And Drum asserts that the remaining detritus of lead in the soil and the environment will continue to influence the crime rate until radical and expensive action is taken to remove it. These expenditures, however, will be more than offset by a multi-fold financial benefit in lower health and crime costs, he believes.

Much of the heavy lifting on this issue has been done by Amherst College Professor Jessica Wolpaw Reyes who compared Massachusetts kids’ 1990 lead exposure with their 2000 test scores and behavior problem records. She found even moderately elevated blood lead levels could be responsible for increased adult aggressiveness and violent criminal behavior. Reyes hypothesizes that it may also cause a tendency toward impulsive behavior, ADHD, substance abuse and a host of other social ills.

Unlike most of her colleagues, Professor Reyes writes with a minimum of unexplained geek-speak that is clear enough for even federal pensioners to understand.

Ah, when I think of all the times my case agents and I worked into the night on evidence when all we really needed was a simple blood test to present in court. All kidding aside, though, I would not be surprised if some imaginative defense attorney used high-lead blood levels as defense in a criminal trial — no doubt more plausible than Twinkies, particularly in the sentencing phase of a capital trial.

Drum’s article has stirred up a you-know-what storm of debate among economists and statisticians regarding the methodological validity of the studies he relied upon. An even more contentious wrangling has ensued in response to his clarion call for the U.S. to spend $400 billion in the next two decades to eliminate lead from the environment.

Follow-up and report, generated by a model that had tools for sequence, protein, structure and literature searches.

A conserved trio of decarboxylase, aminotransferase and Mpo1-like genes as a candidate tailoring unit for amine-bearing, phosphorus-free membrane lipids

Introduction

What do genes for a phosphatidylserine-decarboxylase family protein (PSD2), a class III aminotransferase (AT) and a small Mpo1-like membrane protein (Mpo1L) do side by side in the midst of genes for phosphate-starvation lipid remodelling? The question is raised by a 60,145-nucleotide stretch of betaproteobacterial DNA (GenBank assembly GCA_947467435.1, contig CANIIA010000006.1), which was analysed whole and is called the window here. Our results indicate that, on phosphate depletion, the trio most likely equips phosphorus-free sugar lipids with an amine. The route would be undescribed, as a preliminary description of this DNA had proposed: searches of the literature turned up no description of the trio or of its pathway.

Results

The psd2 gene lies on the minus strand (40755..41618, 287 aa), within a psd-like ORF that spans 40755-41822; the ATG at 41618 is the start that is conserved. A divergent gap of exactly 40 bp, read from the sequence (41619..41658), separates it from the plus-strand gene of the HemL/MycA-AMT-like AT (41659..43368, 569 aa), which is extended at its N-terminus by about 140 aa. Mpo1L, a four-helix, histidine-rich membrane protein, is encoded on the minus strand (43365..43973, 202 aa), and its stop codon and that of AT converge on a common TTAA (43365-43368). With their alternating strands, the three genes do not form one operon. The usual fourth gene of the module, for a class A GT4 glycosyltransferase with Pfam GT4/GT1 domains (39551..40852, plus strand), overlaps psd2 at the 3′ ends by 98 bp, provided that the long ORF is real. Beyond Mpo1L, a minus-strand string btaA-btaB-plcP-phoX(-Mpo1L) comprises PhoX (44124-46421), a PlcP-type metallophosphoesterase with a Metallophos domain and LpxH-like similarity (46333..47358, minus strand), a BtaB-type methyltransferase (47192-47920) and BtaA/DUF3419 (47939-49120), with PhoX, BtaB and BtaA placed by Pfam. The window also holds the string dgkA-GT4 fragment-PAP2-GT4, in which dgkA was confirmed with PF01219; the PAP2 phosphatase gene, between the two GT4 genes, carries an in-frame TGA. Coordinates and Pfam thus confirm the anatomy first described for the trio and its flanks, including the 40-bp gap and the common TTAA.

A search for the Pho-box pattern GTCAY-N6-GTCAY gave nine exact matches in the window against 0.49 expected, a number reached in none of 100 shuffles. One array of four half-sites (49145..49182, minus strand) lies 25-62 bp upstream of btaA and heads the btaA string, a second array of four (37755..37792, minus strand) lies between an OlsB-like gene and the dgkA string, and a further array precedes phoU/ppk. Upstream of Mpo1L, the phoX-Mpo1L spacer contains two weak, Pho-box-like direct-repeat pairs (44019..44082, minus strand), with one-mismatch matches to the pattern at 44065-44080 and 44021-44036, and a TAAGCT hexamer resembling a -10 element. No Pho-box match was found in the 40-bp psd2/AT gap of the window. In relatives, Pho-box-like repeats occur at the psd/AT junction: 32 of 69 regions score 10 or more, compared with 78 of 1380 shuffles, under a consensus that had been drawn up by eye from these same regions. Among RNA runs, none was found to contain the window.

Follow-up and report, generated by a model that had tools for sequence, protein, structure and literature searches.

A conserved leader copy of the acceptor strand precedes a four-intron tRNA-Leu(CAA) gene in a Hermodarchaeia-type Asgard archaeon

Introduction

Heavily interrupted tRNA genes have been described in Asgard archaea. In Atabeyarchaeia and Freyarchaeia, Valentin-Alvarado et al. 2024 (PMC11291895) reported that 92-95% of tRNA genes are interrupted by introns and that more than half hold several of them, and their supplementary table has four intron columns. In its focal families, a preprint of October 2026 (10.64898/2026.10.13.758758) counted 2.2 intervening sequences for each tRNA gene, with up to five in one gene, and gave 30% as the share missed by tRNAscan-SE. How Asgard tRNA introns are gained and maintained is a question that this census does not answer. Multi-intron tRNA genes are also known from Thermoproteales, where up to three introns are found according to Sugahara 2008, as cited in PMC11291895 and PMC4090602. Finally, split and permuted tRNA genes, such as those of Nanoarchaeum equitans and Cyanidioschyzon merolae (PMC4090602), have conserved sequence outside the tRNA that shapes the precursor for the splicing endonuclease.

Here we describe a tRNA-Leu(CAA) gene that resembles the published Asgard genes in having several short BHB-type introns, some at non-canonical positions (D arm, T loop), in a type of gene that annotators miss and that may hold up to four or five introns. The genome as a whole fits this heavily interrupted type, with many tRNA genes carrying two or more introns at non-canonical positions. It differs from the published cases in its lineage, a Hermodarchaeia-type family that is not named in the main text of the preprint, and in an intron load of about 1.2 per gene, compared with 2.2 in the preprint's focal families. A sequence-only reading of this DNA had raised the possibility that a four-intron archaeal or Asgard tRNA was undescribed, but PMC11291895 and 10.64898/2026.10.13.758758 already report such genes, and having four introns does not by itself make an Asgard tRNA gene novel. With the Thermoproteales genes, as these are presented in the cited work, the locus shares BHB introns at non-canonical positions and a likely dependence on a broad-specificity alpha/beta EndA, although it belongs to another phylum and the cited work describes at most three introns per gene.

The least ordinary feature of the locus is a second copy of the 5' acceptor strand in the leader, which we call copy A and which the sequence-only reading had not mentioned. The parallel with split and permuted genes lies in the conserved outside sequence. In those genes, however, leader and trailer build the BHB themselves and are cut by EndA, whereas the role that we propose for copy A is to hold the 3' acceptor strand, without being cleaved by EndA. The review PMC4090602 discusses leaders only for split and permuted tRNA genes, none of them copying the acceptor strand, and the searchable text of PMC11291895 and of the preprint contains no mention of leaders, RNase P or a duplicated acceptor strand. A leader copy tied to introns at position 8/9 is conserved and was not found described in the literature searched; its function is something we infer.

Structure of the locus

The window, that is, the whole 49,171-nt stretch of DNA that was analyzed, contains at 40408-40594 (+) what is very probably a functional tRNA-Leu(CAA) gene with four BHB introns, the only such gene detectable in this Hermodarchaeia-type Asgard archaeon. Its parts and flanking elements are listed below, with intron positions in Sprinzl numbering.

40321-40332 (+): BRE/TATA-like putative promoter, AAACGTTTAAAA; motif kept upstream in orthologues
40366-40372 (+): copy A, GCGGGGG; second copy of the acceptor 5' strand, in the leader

This storm of articles, blogs and essays tosses about terminology such as meta-analysis, regression methods and cohort studies and has generated a feeding frenzy in the many fields involved — neurologists, economists, statisticians, and public health experts. The flurry of debate over the fine points of statistical method and points far finer still seems to obscure the common sense reaction to Drum’s article and Professor Reyes’ studies to the point of immobilizing appropriate response.

Amid the semantic sorties, however, there has not been a single comment by the profession whose job it is to protect the public from crime — law enforcement. Not only are we are not on the sidelines in this contest, we aren’t even in the stadium.

Perhaps we are down the street in some sports bar casually watching others toss this ball around.

Maybe the lead/crime correlation is not causation. Maybe the decline in crime is permanent. Personally, I doubt both propositions. The studies on the effects of even low levels of lead exposure on kids’ sensitive brains seem convincing enough to justify a much higher priority for researching the issue.

Crime and the causes of crime will continue to be a defining issue in this country for generations to come and the lead/crime debate demands more than scientific research alone can deliver. We must broaden the discussion to include a larger perspective, especially from law enforcement leaders.

Why shouldn’t a Presidential commission be convened with representatives from a wide range of disciplines to take a comprehensive and meaningful look at the relationship between the present lead levels in the environment and future criminal activity?

The issue is too important for law enforcement to take a sideline seat, watching while scientists and statisticians parse it to death. Law enforcement needs to assume a leadership role in analyzing and coordinating the views of other disciplines, injecting a healthy dose of real world common sense into the debate.

Perhaps we can make the issue so understandable it can even be understood by moronic politicians. After all, the prevention of crime is our bailiwick — and our responsibility.